Quitting to smoke can lower that risk, as mentioned above. It can be negotiated with your primary care provider, and physician. Guidelines will be given, not only physically, but also in the psychological aspects of the matter. Whether there is in need to undergo counseling or medical interventions is up to their specific needs.
Controlling Blood Pressure
The likelihood of developing poor circulation on the leg depends on the quality, and intensity of your blood flow. By being able to monitor your blood pressure, will keep you at bay with your heart, and blood vessels. Circulation on your leg can also be checked, only if without deep vein thrombosis (DVT) or cellulitis.
Taking your medications is necessary. The following blood pressure medications from the American Heart Association are diuretics, beta-blockers, ACE inhibitors, angiotensin II receptor blockers, etc. Most of all, blood thinners or anticoagulants are prescribed to patients especially those with PAD. This is to control any worsening symptoms or development of it.
Specific diets are required for patients with peripheral vascular diseases. According to one study, they recommended including eating fresh or frozen food without added sugars, minimizing intake of salt or high-calorie sauces, and using cooking methods that preserve the original nutrients.
The diet should also include a diversity of vegetables, fruits, whole grains, soluble fibers, and legumes. Cooking with certain vegetable oils, particularly olive and canola oils, but not coconut and palm oils, is preferred over animal fat. Cardiovascular diets are recommended, to follow DASH or Mediterranean diets with their physician’s permission.
Compression Socks and Elevation
To improve blood flow on your leg, you can use compression socks for your comfort. . This can affect the blood flow on your legs, with activities like walking or doing house chores. You can it every day for your safety. Here are the best compressions socks, for you to figure out what can be right for your problem.
While compression socks can help you, the elevation of your legs is one of the fastest relief to improve your leg circulation. You can put your leg with two pillows up, and you can do ankle pumps. Although, you can be mindful of whether this can trigger the 6 Ps of your PAD/PVD: pallor, pain, paresthesia, paralysis, pulselessness, and poikilothermia.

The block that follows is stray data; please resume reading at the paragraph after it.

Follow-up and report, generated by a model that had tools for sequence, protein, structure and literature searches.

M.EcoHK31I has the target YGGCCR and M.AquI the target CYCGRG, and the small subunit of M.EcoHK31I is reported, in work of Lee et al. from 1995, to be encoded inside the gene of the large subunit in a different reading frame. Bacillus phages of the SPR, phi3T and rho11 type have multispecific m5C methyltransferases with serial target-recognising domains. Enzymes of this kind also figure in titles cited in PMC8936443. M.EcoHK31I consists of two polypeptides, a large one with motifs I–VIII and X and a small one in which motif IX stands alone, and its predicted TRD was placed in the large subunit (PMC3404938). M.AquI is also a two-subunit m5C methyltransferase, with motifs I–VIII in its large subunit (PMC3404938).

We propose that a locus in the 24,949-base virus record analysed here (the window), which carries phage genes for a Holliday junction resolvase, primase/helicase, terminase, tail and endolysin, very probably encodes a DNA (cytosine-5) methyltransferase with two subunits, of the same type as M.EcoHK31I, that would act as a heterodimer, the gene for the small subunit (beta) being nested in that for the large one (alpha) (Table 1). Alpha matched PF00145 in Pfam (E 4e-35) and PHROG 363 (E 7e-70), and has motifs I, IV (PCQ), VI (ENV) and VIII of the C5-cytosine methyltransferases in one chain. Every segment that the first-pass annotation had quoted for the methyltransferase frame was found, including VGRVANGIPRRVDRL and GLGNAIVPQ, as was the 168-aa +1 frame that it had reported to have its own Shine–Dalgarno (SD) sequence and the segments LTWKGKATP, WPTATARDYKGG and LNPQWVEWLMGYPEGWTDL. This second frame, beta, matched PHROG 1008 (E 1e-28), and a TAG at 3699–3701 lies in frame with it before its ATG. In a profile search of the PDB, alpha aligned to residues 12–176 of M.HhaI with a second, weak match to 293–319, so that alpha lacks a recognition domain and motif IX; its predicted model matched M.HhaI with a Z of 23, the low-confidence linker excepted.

Elderly people are encouraged to do cardiovascular exercises to improve their heart health. A simple walk in the park, a quick jog, or walking a dog can improve circulation on your leg. There are also specific exercises for you to follow.
Lying Down on Bed.
- Ankle Pumps
This is done with the elevation of the legs when you are lying on the back. Once placed in the proper position, point your toes to the ceiling and away from you. Do it slowly, about 10 to 20 times. Although, some patients require compression socks or bandaging to see better results.
- Ankle Rotation
In the same position, make a circle with one of your feet. Do it slowly, about 10-20 times. The direction can differ, where you start clockwise, or counterclockwise. This differs because it targets the muscles for eversion and inversion that are not easy to mind with ankle pumps.
- Calf Stretch
While lying on your back, use a band to wrap around the back of your foot. You can raise your leg. Then, fold the ankles until you feel the stretch. The stretch can be felt from the back of your thighs, and your legs. This will improve flexibility in the area involved.
According to Penn Medicine, a mindful workout to manage symptoms of PAD, or any peripheral vascular disease is through a programmed walking regime. They have given evidence, that it can benefits patients to continue their daily lives even with the condition. Therefore, here are the 6 steps to be mindful of.
You can also use a treadmill. This shall be done with supervision, especially if symptoms of back pain to the legs occur. Intermittent claudication is a symptom that can vary whether it is a neurological condition or vascular in origin. Walking downhill, and for a long period of time are factors to be mindful.
When Is It an Emergency?
Consulting your physician will be a definite choice whenever the 6 Ps of peripheral health is experienced by the elderly. Symptoms to mind are: if there’s any throbbing or pulsating pain on the legs, swelling, and the legs feel heavy. Whether that’s the case or not, any unusual symptoms need to be reported.